Media fascination with America-hater Colin Kaepernick continues as strong as ever as the NFL readies for its third season without his acidic presence. TMZ Sports is thrilled that Kaepernick gave a shout-out to former teammate Eric Reid, who plans to carry on the despicable spectacles Kaepernick inspired during the 2016 season, his last in the NFL. Former NBA player Grant Hill told CNN's Van Jones that athletes like Kaepernick have the right to be outspoken, and diehard media are still holding out hope that some team would be foolish enough to sign him.
Reid, a safety for the Carolina Panthers, told the Charlotte Observer Sunday, “If a day comes that I feel like we’ve addressed those issues, and our people aren’t being discriminated against or being killed over traffic violations, then I’ll decide it’s time to stop protesting. I haven’t seen that happen.
“We’ve got to keep fighting. Got to keep agitating. Got to keep making sure that we put pressure on the people who make the laws, and the decisions, in this country.”
Reid's angry remarks got Kaepernick (see the two of them kneeling prior to a game in 2016 in above photo) all stoked up about his former teammate, TMZ Sports reports. Kaepernick said Reid is "unwavering" in carrying on the disrespectful spectacle of kneeling when the national anthem is played prior to kickoffs.:
"Unrelenting. Unflinching. Unapologetic. Love you Brother!"
CNN's Paul LeBlanc reported that Hill celebrated the "powerful" ways young athletes can use their platform:
"Their influence and their profile and the connection that they have in the audience and the fan base, I mean that's powerful."
Touchdown Wire's Doug Farrarr noted that Baltimore Ravens' quarterback Robert Griffin III is out with a broken thumb and asks why the team hasn't reached out to Kaepernick. "Perhaps Kaepernick could help Lamar Jackson with the finer points of (offensive coordinator Greg) Roman’s system, as he ran it as well as anyone has once upon a time."
Farrarr also writes:
"It’s an interesting time for Baltimore, and Kaepernick’s involvement would certainly make it more interesting. At the same time the president of the United States is making ridiculous and unfounded accusations against Rep. Elijah Cummings of Maryland, whose reach covers more than half of the city, most of the majority-black precincts in Baltimore County, and most of Howard County, the Ravens are doing their level best to do what most NFL teams have refused to do over time: Take a black quarterback (Jackson) and allow him the time and training to develop, as opposed to giving up on him at the first mistake."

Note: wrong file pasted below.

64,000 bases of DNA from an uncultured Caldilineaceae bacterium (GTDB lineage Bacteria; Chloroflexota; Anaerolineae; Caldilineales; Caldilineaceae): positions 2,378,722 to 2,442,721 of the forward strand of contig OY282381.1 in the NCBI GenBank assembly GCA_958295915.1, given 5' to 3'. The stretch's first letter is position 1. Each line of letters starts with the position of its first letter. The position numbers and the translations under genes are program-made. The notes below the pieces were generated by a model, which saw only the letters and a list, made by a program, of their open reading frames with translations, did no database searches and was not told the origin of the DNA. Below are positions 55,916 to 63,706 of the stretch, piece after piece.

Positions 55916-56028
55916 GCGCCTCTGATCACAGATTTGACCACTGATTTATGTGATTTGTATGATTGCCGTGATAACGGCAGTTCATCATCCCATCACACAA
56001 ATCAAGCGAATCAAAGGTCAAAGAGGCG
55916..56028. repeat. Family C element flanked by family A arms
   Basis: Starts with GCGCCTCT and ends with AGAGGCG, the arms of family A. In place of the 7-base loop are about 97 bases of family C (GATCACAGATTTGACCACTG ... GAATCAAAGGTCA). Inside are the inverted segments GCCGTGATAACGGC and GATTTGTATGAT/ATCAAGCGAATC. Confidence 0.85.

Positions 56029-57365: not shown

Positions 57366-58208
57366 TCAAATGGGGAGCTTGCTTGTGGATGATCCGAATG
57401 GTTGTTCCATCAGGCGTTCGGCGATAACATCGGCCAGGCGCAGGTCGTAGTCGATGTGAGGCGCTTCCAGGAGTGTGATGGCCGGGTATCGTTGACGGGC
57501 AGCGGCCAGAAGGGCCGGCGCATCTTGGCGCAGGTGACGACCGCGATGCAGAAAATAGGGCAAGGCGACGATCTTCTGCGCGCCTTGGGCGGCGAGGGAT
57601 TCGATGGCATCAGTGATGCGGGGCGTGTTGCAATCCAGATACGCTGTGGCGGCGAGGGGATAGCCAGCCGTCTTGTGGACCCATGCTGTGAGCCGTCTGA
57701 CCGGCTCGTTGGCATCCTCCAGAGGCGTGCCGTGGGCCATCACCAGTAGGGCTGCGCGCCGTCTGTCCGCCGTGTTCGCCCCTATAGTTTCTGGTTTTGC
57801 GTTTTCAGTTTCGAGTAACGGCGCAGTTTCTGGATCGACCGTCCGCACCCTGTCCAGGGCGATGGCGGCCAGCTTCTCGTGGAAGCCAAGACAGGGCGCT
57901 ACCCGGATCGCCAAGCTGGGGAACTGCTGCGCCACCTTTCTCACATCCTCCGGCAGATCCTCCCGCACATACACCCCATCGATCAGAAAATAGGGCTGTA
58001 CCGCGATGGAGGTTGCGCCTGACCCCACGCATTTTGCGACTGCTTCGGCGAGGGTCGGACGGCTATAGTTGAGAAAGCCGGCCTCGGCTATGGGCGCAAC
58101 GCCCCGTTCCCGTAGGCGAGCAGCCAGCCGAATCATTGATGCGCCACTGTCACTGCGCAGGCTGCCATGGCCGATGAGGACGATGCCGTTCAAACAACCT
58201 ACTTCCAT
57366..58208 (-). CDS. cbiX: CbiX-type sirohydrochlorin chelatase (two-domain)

Kaepernick and the Ravens have an interesting history, Farrarr says. This is based on the team's consideration of signing him after he became a free agent in 2017. "But with more prominent names taking more pointed potshots at Baltimore and one of its most distinguished politicians, perhaps it’s time to let bygones be bygones and investigate the possibilities."
Last March, Kaepernick held a Know Your Rights Camp for young potential social justice warriors in Baltimore, and he tweeted support for the city recently:
The San Francisco Chronicle's Scott Ostler headlined a story "Colin Kaepernick ready and waiting ... and waiting ... ". Sounding like the director of the Kaepernick fan club, he writes:
"He is not too cool for the NFL. He is not too busy with his politics and his activism and his camps for inner-city kids and for kids with heart ailments. Those activities do occupy his time, but on every team he played on, he was the hardest worker. He is not so wealthy from his Nike ads that he doesn't want to get his hands dirty on a football field."
If called on, Ostler says Kaepernick would be game-ready as quickly as instant coffee. He knows, however, that the phone call isn't forthcoming because, "He is being grayballed from the NFL, a murky kind of exclusion that isn't officially orchestrated but is carved in imaginary stone."
Ostler adds that President Donald Trump once said maybe Kaepernick should find a country that works better for him, but "Kaepernick ignored that friendly advice and instead settled down in a country he wants to help make better ― his own. It's not a perfect country. Sometimes it punishes peaceful protesters. Sometimes it rewards racism. But it's got potential."